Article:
The spread of Euro/American culture erased these masculinities and gender perceptions from most of the world, replacing them with traditional hegemonic masculinity. This masculinity was born out of the spread of Catholicism and capitalism, the growing importance of technical expertise and the Europeans’ gendered division of labor.
 
As R.W. Conell puts it, “imperialism was a massively important event in gender history. Some cultures' gender regimes have been virtually obliterated by imperialism.”

Masculinity and Gender Today


According to the Canadian Institutes of Health Research, sex refers to “a set of biological attributes in humans and animals. It is primarily associated with physical and physiological features including chromosomes, gene expression, hormone levels and function, and reproductive/sexual anatomy.” Gender, however, refers to “the socially constructed roles, behaviours, expressions and identities of girls, women, boys, men, and gender diverse people. It influences how people perceive themselves and each other, how they act and interact, and the distribution of power and resources in society.” 

According to Colleen Clemens, of Kutztown University in Pennsylvania, “researchers have shown that there is very little difference between the brains of men and women. While gender identity is a deeply held feeling of being male, female or another gender, people of different genders often act differently, not because of biological characteristics but because of rigid societal norms created around femininity and masculinity.”

It might be that, for us to start deconstructing and challenging our perceptions of masculinity, we need to also challenge our understanding of gender. Too often, we see the world in black and white. But we now know that, as summarized in Teen Talk, “there are many different gender identities, including male, female, transgender, gender-neutral, non-binary, agender,” and so on.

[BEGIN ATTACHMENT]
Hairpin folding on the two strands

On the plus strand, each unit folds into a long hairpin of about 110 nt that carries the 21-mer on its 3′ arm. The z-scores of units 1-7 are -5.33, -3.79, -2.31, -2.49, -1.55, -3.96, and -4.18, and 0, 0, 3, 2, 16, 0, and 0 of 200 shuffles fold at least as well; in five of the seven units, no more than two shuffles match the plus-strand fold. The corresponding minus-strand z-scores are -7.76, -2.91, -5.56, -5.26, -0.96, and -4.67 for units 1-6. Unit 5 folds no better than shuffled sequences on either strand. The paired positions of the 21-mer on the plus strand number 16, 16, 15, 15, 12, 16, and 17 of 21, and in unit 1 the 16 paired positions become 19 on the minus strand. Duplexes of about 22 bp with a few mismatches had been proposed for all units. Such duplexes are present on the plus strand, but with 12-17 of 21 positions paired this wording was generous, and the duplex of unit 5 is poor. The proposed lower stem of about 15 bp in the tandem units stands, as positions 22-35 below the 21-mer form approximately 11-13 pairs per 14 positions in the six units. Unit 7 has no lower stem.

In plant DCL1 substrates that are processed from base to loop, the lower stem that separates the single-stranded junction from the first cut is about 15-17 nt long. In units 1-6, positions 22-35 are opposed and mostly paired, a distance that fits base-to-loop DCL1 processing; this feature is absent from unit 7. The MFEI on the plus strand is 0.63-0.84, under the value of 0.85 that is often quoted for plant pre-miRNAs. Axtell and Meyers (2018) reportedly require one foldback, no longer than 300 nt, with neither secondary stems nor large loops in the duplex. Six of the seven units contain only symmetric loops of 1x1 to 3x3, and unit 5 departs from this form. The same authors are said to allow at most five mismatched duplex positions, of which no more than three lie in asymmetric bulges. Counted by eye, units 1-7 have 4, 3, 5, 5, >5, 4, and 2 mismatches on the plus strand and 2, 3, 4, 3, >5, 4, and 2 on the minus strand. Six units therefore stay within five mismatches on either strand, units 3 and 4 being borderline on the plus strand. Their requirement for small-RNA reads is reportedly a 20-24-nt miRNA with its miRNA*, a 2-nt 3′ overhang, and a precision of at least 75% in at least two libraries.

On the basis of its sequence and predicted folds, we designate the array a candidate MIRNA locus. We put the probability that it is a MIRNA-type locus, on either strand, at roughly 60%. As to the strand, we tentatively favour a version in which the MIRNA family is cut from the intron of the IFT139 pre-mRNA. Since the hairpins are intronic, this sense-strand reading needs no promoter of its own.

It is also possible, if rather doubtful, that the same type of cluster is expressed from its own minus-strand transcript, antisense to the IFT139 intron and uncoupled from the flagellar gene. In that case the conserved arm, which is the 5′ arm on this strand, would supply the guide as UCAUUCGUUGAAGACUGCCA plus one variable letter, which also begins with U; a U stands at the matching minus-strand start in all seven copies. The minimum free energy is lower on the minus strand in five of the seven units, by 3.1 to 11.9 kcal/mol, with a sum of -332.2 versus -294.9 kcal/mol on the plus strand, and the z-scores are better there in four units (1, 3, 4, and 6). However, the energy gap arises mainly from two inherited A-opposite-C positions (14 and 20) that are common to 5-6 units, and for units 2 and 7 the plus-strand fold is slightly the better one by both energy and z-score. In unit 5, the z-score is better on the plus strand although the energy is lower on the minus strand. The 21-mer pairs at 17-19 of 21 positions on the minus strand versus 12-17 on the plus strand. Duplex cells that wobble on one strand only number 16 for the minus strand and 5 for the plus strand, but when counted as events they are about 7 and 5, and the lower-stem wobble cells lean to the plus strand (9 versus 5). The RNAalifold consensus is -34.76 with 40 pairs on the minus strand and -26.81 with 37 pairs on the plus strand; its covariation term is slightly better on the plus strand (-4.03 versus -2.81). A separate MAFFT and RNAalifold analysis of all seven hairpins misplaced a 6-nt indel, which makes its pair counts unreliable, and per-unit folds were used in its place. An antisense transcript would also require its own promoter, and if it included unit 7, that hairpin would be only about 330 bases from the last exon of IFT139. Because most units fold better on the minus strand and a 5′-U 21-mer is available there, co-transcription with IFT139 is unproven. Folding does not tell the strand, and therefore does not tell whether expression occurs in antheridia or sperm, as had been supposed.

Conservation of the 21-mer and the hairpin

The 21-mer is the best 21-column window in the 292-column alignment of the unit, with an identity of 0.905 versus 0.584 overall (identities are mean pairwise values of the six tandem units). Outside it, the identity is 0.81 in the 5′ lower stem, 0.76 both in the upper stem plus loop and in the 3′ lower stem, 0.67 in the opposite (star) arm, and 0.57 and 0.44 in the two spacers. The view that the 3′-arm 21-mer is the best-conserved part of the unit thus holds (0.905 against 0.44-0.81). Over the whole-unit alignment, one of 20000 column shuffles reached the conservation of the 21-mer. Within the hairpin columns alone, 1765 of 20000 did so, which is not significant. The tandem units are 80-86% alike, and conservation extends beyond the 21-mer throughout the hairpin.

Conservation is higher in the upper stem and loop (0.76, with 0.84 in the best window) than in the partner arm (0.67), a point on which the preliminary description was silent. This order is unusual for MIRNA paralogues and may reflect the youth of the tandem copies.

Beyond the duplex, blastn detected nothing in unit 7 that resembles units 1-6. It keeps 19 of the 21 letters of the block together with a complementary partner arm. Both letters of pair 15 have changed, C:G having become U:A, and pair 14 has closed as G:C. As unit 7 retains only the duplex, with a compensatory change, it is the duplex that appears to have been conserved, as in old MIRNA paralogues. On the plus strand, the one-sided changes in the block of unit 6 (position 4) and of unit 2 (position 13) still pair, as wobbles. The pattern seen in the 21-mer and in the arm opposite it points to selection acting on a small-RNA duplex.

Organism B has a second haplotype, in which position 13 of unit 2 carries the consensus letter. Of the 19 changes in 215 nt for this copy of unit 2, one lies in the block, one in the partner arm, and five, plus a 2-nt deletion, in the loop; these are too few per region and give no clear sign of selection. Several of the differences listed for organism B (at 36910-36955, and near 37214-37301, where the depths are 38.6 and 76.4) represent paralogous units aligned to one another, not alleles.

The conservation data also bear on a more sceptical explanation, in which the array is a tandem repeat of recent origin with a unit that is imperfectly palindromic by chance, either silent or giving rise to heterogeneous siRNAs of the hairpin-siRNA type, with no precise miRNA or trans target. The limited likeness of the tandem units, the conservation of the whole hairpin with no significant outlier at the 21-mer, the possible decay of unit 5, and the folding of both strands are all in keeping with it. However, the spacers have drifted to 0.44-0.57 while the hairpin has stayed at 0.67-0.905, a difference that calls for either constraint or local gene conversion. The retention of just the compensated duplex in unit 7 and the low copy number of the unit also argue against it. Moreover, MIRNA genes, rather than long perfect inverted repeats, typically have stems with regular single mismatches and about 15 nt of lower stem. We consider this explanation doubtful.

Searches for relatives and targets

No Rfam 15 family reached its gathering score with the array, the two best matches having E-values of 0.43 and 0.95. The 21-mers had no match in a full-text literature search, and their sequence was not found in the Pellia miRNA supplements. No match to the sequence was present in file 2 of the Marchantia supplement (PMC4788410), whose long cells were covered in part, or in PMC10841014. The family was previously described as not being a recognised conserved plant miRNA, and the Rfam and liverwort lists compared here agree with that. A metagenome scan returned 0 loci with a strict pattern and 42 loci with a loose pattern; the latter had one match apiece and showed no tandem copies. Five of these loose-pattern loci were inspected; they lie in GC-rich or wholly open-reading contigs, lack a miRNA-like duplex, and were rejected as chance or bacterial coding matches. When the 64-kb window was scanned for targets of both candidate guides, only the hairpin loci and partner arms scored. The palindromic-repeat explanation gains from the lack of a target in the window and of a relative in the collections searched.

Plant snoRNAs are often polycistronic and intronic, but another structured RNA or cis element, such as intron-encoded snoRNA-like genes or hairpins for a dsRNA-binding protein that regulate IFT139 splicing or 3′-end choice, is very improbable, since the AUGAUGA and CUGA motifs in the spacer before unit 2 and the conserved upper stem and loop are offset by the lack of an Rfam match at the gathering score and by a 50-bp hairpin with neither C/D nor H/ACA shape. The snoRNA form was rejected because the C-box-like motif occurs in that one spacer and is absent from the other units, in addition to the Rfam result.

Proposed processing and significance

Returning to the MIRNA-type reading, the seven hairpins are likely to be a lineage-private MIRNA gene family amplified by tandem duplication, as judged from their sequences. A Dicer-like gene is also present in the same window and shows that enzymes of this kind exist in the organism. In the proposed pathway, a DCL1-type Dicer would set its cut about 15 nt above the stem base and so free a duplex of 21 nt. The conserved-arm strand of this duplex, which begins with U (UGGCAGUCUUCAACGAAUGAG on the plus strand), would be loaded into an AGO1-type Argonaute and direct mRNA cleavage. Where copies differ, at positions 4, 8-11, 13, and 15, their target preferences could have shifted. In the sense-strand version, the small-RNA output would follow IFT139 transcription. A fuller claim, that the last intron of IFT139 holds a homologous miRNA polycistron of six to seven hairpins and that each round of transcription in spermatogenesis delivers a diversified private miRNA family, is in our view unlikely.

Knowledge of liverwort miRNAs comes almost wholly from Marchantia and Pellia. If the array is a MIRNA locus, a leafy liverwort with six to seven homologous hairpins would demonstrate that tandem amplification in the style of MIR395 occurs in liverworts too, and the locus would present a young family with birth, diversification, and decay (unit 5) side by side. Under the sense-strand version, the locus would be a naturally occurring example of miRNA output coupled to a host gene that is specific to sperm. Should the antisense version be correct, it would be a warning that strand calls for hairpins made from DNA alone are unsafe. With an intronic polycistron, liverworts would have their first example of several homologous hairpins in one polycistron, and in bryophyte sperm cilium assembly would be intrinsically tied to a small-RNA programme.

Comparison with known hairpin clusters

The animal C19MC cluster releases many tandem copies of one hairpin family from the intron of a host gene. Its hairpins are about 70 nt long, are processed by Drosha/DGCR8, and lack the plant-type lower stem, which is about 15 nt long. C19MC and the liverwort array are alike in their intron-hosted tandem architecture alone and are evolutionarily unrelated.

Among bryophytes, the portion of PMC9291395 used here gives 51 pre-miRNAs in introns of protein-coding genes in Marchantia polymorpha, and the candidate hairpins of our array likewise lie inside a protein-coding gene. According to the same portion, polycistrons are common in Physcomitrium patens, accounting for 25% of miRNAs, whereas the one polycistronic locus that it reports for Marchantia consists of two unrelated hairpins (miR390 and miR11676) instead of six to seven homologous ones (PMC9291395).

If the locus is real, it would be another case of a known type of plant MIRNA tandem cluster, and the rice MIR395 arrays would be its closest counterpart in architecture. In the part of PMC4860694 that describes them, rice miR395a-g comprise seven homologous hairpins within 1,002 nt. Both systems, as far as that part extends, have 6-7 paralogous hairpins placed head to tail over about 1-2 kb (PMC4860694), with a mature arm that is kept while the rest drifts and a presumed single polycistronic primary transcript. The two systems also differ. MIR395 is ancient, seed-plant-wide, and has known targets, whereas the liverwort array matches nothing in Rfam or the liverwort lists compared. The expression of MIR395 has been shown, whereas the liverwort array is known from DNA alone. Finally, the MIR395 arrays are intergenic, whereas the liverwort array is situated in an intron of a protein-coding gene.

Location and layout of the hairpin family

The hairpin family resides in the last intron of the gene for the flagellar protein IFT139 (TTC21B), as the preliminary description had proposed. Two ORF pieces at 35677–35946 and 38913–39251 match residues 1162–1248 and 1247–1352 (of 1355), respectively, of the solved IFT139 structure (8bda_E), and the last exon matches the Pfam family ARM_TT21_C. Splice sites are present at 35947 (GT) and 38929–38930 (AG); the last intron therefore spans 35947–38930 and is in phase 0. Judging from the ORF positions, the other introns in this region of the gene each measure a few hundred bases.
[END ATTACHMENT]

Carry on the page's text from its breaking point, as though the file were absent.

As developmental psychologist Niobe Way explains: ”we’ve taken basic human capacities which is to think and to feel, and we’ve given them a gender, and we’ve made thinking into a masculine thing and feeling into a feminine thing which doesn't make any sense because all humans think and feel.” 

“Toxic” Masculinity


As Colleen Clemens mentions in their article “What We Mean When We Say, ‘Toxic Masculinity,’” “the phrase [toxic masculinity] is derived from studies that focus on violent behavior perpetrated by men, and—this is key—is designed to describe not masculinity itself, but a form of gendered behavior that results when expectations of ‘what it means to be a man’ go wrong.
 
“These [expectations] are enforced through shaming and bullying, as well as promises of rewards, the purpose of which is to force conformity to our dominant culture of masculinity and to perpetuate the exploitation, domination, and marginalization of women and people who are queer, genderqueer and transgender” – Mark Greene, author
 
Perhaps, instead of saying “toxic masculinity,” it’s more accurate to use the term “traditional hegemonic definition of masculinity” (THDM). This references the masculinity developed in the Western world over centuries. It is called “hegemonic” because it intersects with classism, racism, homophobia, anti-Semitism and other forms of oppression, by placing some groups of males above others. 

“The Man Box”


Short for the “Act Like a Man Box,” developed by Paul Kivel, the Man Box is a concept that helps us understand better what we call “toxic” masculinity.

This is the box society has forced upon males; the box they should fit into to be thought of and seen as “real” men. According to VicHealth (PDF download), “some of these beliefs, such as condoning the use of violence, are always wrong. Others, such as the belief that men must act strong, can sometimes be useful but at other times lead to problems.”

In the Man Box, men are expected to be:

📦 Self-sufficient and unemotional.

📦 Tough.

📦 Effortlessly attractive.

📦 Providing for their family, but free from household chores. 

📦 Heterosexual.

📦 Hypersexual. A real man never says no to sex.

📦 Aggressive.

The pressure to be “masculine”


Studies have found (PDF download) that most males “feel the pressure to conform to these expectations [listed above]” even though not all males actually do or want these things for themselves.